Cartoons from the British Independent

In this cartoon video from the USA:

Vice President Cheney responds to the notion that Blackwater might be barred from Iraq.

By Anindya Bhattacharyya in Britain:

An Independent Line is a new book and exhibition at the Political Cartoon Gallery in London featuring cartoons by the Independent newspaper’s three editorial cartoonists – Dave Brown, Peter Schrank and Tim Sanders, whose work also graces this paper.

The exhibition covers the past 12 years and it’s striking how the earlier cartoons seem to come from a completely different era. Much of the humour concerns Bill Clinton’s sexual peccadillos, or former Tory leader William Hague’s bald head.

But 9/11 and the subsequent wars in Afghanistan and Iraq transform the tone of the exhibition. It also brings out the best in the cartoonists, as their outrage turns to focus on the lies, murder and torture doled out by George Bush and Tony Blair.

The Iraq war is the overwhelming event of the century,” says Tim Sanders. “The world has become darker since then and cartoonists – who tend to be dark and twisted people – come into their own.

“Cartoons act as a wonderful historical record – you can look at them to see the world expressed in ink and bile on paper. It’s in black and white, a stark and violent expression appropriate to violent times.”

The theme of the war figures prominently. The cover of the book displays cartoons by all three artists of prominent figures in the “war on terror” such as Condoleezza Rice, Gordon Brown and Osama bin Laden – all with blood on their hands.

Part of the reason for this was the decision by the Independent to play a campaigning role against the Iraq war in 2003. Since then it has kept up its critical coverage of the “war on terror” with reports from journalists such as Patrick Cockburn and Robert Fisk.

The Imperialist Right Threatens Obama on Iraq: here.

Washington’s new alibi for a criminal war: the “surge has worked”: here.

1 thought on “Cartoons from the British Independent


    From The Sunday Times
    September 2, 2007
    Pentagon ‘three-day blitz’ plan for Iran
    Sarah Baxter, Washington

    THE Pentagon has drawn up plans for massive airstrikes against 1,200 targets in Iran, designed to annihilate the Iranians’ military capability in three days, according to a national security expert.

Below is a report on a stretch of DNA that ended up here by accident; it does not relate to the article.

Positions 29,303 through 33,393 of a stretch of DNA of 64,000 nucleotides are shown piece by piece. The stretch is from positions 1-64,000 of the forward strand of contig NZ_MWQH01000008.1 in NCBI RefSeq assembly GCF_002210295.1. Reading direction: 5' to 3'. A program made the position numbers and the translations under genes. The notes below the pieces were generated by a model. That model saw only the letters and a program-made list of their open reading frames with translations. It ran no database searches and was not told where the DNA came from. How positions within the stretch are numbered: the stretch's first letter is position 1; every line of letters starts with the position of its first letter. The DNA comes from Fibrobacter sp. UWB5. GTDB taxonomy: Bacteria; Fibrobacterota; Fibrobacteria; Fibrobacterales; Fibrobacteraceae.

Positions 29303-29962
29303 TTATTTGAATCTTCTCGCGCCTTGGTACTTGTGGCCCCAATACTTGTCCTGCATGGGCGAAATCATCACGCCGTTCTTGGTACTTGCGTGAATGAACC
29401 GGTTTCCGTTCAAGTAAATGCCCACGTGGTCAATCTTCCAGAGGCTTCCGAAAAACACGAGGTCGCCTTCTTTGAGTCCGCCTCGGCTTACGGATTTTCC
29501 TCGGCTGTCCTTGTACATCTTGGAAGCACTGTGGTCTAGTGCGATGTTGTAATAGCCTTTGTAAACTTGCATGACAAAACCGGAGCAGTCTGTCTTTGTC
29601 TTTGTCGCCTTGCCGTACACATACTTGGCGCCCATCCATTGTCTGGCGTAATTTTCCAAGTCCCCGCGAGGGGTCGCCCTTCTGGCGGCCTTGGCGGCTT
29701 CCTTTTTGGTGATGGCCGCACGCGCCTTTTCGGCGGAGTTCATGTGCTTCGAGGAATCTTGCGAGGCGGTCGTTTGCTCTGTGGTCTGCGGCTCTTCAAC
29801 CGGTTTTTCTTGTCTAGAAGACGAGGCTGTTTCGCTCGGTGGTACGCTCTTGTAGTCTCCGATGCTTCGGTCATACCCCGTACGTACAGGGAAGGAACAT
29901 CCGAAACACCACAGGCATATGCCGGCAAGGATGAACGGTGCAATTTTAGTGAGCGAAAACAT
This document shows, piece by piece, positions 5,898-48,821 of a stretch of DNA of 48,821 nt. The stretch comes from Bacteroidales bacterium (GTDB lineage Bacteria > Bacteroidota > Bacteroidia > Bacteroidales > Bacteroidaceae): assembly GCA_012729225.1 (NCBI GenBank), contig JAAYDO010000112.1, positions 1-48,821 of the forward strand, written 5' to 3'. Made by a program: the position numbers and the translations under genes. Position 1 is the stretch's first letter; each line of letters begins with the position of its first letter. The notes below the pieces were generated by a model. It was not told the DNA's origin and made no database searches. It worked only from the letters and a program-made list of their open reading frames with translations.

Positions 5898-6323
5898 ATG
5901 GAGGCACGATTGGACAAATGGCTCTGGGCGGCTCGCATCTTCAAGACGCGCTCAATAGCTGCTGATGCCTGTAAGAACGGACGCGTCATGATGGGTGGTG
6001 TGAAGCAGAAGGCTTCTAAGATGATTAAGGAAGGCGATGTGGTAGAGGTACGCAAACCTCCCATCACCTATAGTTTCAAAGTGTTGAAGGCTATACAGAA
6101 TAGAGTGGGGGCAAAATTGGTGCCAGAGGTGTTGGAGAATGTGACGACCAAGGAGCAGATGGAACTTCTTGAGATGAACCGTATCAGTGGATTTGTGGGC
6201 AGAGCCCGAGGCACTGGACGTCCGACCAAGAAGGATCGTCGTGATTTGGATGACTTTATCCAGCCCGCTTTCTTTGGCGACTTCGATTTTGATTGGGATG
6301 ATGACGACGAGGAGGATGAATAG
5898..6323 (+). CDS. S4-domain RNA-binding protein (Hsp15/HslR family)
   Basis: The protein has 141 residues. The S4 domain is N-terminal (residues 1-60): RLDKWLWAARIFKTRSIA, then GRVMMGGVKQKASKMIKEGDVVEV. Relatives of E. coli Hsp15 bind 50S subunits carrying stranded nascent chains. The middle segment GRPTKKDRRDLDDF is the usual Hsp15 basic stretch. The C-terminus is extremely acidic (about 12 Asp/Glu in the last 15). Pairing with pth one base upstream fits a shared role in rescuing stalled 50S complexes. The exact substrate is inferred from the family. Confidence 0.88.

Alexis Debat, director of terrorism and national security at the Nixon Center, said last week that US military planners were not preparing for “pinprick strikes” against Iran’s nuclear facilities. “They’re about taking out the entire Iranian military,” he said.

    Debat was speaking at a meeting organised by The National Interest, a conservative foreign policy journal. He told The Sunday Times that the US military had concluded: “Whether you go for pinprick strikes or all-out military action, the reaction from the Iranians will be the same.” It was, he added, a “very legitimate strategic calculus”.

    President George Bush intensified the rhetoric against Iran last week, accusing Tehran of putting the Middle East “under the shadow of a nuclear holocaust”. He warned that the US and its allies would confront Iran “before it is too late”.

    One Washington source said the “temperature was rising” inside the administration. Bush was “sending a message to a number of audiences”, he said — to the Iranians and to members of the United Nations security council who are trying to weaken a tough third resolution on sanctions against Iran for flouting a UN ban on uranium enrichment.

    The International Atomic Energy Agency (IAEA) last week reported “significant” cooperation with Iran over its nuclear programme and said that uranium enrichment had slowed. Tehran has promised to answer most questions from the agency by November, but Washington fears it is stalling to prevent further sanctions. Iran continues to maintain it is merely developing civilian nuclear power.

    Bush is committed for now to the diplomatic route but thinks Iran is moving towards acquiring a nuclear weapon. According to one well placed source, Washington believes it would be prudent to use rapid, overwhelming force, should military action become necessary.

    Israel, which has warned it will not allow Iran to acquire nuclear weapons, has made its own preparations for airstrikes and is said to be ready to attack if the Americans back down.

    Alireza Jafarzadeh, a spokesman for the National Council of Resistance of Iran, which uncovered the existence of Iran’s uranium enrichment plant at Natanz, said the IAEA was being strung along. “A number of nuclear sites have not even been visited by the IAEA,” he said. “They’re giving a clean bill of health to a regime that is known to have practised deception.”

    Mahmoud Ahmadinejad, the Iranian president, irritated the Bush administration last week by vowing to fill a “power vacuum” in Iraq. But Washington believes Iran is already fighting a proxy war with the Americans in Iraq.

    The Institute for the Study of War last week released a report by Kimberly Kagan that explicitly uses the term “proxy war” and claims that with the Sunni insurgency and Al-Qaeda in Iraq “increasingly under control”, Iranian intervention is the “next major problem the coalition must tackle”.

    Bush noted that the number of attacks on US bases and troops by Iranian-supplied munitions had increased in recent months — “despite pledges by Iran to help stabilise the security situation in Iraq”.

    It explains, in part, his lack of faith in diplomacy with the Iranians. But Debat believes the Pentagon’s plans for military action involve the use of so much force that they are unlikely to be used and would seriously stretch resources in Afghanistan and Iraq.


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